(GMM)  American formula one TV anchor Bob Varsha suspects the news about Kimi Raikkonen entering NASCAR might be a joke.

"Personally I think it's an April Fool's joke," the Speed TV personality told the Milwaukee-Wisconsin Journal Sentinel.

A Finnish newspaper broke the story two days ago, revealing that F1's departed 2007 world champion will combine his rallying foray with NASCAR this year.

But the news has since been confirmed, with a spokeswoman telling Canadian website auto123.com that the 31-year-old's application to debut in the truck series at Charlotte on May 20 "was approved".

"I just find it terribly implausible," said Varsha, explaining that Raikkonen's famously introverted personality would not fit in NASCAR.

Indeed, in 2009, Raikkonen admitted he is "not one of the biggest fans of NASCAR".

Varsha said NASCAR drivers are typically "extroverted and gregarious": "That's the reason he got out of formula one ... because he hated the pressure of having to deal with the press".

1997 world champion Jacques Villeneuve agrees that NASCAR and Raikkonen do not appear to fit together.

"I think the driving won't be a problem for him.  His biggest challenge will be off the race track.  He'll need to open up socially," said the French Canadian.

"NASCAR is not a closed environment like F1 is. You need to respect the other drivers and socialize," added Villeneuve.

Malaysia to be Pirelli's toughest test - Hembery
(GMM)  The Malaysian grand prix next weekend could be the toughest challenge for Pirelli's tires in 2011.

That is the admission of the Italian marque's racing boss Paul Hembery, after Melbourne last weekend pleasantly surprised teams and drivers in the wake of a winter period of extreme tire degradation.

But he told Finland's Turun Sanomat: "The nature of the Sepang circuit and the more than 50 degrees of track temperature will probably be the most aggressive combination for our tires.

"Of course, any rain could change the situation, but it is probable that under normal circumstances the Malaysian grand prix will see an average of four stops (per driver)," he revealed.

F1 will still 'sound good' in 2013 - White
(GMM)  Rob White has moved to allay fears about F1's current engine roar becoming a GP3-style buzz when the regulations change dramatically in 2013.

Some purists laugh at the noise of the four-cylinder Renault engines mounted in the GP3 single seaters, but in 2013 formula one cars are set to be powered by turbo four-cylinder power plants in line with a 'greener' image for the sport.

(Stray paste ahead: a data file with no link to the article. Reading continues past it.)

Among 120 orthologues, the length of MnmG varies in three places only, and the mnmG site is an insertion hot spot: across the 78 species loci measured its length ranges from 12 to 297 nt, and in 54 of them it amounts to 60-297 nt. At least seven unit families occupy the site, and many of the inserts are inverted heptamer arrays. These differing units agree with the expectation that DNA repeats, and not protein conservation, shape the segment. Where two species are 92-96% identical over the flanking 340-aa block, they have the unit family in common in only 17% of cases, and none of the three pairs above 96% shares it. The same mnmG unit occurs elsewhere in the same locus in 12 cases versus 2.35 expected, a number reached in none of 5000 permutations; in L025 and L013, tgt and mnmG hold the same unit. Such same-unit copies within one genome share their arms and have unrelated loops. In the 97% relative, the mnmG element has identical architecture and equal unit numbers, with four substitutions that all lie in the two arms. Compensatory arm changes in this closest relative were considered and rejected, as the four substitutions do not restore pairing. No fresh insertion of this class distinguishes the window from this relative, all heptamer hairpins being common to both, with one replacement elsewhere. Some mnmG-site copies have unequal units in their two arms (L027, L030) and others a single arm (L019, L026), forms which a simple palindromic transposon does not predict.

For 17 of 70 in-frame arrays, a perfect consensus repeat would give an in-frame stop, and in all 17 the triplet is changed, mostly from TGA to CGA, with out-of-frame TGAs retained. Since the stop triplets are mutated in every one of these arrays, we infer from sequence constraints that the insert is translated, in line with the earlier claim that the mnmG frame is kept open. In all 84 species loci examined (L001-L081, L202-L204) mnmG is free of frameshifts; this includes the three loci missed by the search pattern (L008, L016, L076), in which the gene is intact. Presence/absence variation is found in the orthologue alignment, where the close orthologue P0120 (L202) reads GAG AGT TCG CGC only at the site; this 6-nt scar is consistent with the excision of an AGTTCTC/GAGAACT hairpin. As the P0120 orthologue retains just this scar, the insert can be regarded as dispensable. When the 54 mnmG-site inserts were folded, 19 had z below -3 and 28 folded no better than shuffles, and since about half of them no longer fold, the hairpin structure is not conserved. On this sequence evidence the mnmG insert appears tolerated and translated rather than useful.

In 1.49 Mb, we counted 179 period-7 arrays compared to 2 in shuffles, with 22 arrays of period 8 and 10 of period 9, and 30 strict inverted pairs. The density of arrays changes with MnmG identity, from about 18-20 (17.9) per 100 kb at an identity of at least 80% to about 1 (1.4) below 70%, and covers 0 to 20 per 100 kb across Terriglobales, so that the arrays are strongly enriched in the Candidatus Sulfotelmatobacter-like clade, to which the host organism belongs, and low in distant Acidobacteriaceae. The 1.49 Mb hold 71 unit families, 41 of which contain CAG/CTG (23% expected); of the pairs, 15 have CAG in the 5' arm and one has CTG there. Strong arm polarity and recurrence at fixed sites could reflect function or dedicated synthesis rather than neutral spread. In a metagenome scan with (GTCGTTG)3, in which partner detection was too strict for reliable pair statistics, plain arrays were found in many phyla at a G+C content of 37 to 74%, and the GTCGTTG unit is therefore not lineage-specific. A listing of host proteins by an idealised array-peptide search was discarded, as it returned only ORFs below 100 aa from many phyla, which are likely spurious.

Bernie Ecclestone has already expressed his opposition to the new rules on the basis of the engine note, but Renault's White insists the F1 cars of 2013 will still make noise.

"Motorcycle engines are also at 12,000rpm and sound good," F1 engine supplier Renault's technical boss told Auto Motor und Sport.

He said there is no going back on the plans for the new engine rules anyway.

"We are already working on the (2013) engine," White revealed.  "There will only be new manufacturers come into formula one with a new engine format," he insisted.

Renault may also be pleased to see the end of the current development 'freeze' of the 2.4 liter V8 era, with customers Red Bull constantly complaining they are down on power.

"We do not have the most powerful engine," admitted White, "but there are other things with the engine that play a role in the lap time.

"For example, the drivability.  We have worked hard to perfect the engine characteristics for the drivers," he added.

Kobayashi expecting tire issues in Malaysia
Kamui Kobayashi is expecting a generally different race in Malaysia next weekend, with significantly higher temperatures at Sepang than Melbourne’s Albert Park street circuit. Sauber head to Kuala Lumpur hoping to score their first points of the year, having received a double disqualification for running illegal rear wings in Round 1.

“I have good memories of the Sepang circuit since it was there I managed to get into the final qualifying session last year for the first time,” the Japanese driver commented on Friday. “After our good performance in Melbourne we are, of course, very motivated for the next race.

“The guaranteed higher temperatures in Malaysia, though, will make a big difference. I especially expect the tire degradation to be significantly higher there, so this might result in different race strategies. Another challenge could be if we get a wet race, as that happens quite often in Malaysia.

“But we are now very confident about our performance after what we did in Melbourne - I hope we can continue like that with our pace. The circuit is nice, with a couple of high-speed corners, and the layout offers more overtaking opportunities than we had at Albert Park.”